In the other corner of the actor-turned-rapper battle is Drake, with his second release, Take Care — an album that is a huge leap in maturity for the Canadian born former star of Degrassi High. After the success of his debut, Thank Me Later, Drake threatened to do an album of straight R&B, forgoing rap for singing. While that didn’t happen, the result at least feels like smooth R&B is the foundation the songs are built upon. It’s incredibly smooth — a marvel in the headphones. Recorded in the same studio that Marvin Gaye recorded his confessional Here, My Dear, Drake does his own navel gazing, with much of album seemingly a brutal analysis of his break up with Rihanna. The object of his pain appears as well on the gorgeous sounding title track, “Take Care,” lending her vocals in response to Drake’s pleading for her to return. Like Glover, Drake also has words for the hip-hop purist backpackers, although, he’s in a much more forgiving mood: “The backpackers are back on the bandwagon / Like this was my comeback season back, back in the day.” Unlike Glover, however, Drake seems a lot more comfortable in his own skin, and far less worried about the “not black enough” haters out there. The result is a smooth and wholly focused album, an admirable achievement for an artist so early in his career.
If there’s any knock, it’s that Take Care is perhaps too smooth, so shiny and comfortable that it doesn’t require the repeat listens necessary to navigate the jagged edges. That’s why I bet I’ll be returning to Glover’s debut again and letting radio airplay handle my Drake needs. For whatever that’s worth.
Los Campesinos! no longer has the advantage of sneaking up on you. Their first three albums came sort of as a barrage, two in 2008 (Hold On Now, Youngster…, We Are Beautiful, We are Doomed) and then another in early 2010 (Romance is Boring), with each giving us a slight take on their unique energetic sound. As such, Hello Sadness won’t surprise anyone familiar with LC!’s sound, with the only difference here being a much darker tone coupled with a general reduction in beats per minute. It’s just another solid release from the Cardiff, Wales outfit, again backed by the steady production hand of John Goodmanson. If you like the band, you’ll get it. If you don’t you won’t. And if you’ve been waiting on the sidelines to try ’em out, now is as good a time as any.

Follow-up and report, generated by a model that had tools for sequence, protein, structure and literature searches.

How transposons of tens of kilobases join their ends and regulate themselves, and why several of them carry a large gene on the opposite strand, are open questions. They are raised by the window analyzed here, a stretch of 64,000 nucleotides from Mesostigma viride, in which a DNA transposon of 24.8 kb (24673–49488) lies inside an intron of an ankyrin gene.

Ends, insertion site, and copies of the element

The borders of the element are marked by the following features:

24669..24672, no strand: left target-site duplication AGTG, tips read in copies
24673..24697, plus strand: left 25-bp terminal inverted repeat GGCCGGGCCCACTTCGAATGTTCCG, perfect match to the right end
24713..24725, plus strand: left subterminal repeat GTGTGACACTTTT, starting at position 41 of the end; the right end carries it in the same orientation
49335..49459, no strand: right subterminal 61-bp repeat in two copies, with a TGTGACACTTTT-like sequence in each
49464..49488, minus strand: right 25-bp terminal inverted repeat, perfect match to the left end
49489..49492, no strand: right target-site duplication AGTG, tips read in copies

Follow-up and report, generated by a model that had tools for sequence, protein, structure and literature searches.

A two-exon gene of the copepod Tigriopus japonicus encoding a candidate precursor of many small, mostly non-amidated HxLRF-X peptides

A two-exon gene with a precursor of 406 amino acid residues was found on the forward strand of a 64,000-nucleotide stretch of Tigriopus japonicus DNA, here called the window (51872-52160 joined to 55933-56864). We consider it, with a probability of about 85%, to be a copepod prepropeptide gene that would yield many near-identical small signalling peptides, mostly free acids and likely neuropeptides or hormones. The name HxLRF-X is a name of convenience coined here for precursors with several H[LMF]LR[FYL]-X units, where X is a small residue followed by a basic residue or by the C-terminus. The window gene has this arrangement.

More on the radar (and in the mp3 player) this week:
Crystal Stilts – Radiant Door EP
R.E.M. – Part Lies, Part Heart, Part Truth, Part Garbage 1982-2011
Goldmund – All Will Prosper
The Dø – Both Ways Open Jaws / “Slippery Slope” [mp3]
Betty Wright and The Roots – Betty Wright: The Movie / Free AOL Album Stream
Gym Class Heroes – The Papercut Chronicles
Odonis Odonis – Hollandaze
Tegan & Sara – Get Along
Pterodactyl – Spills Out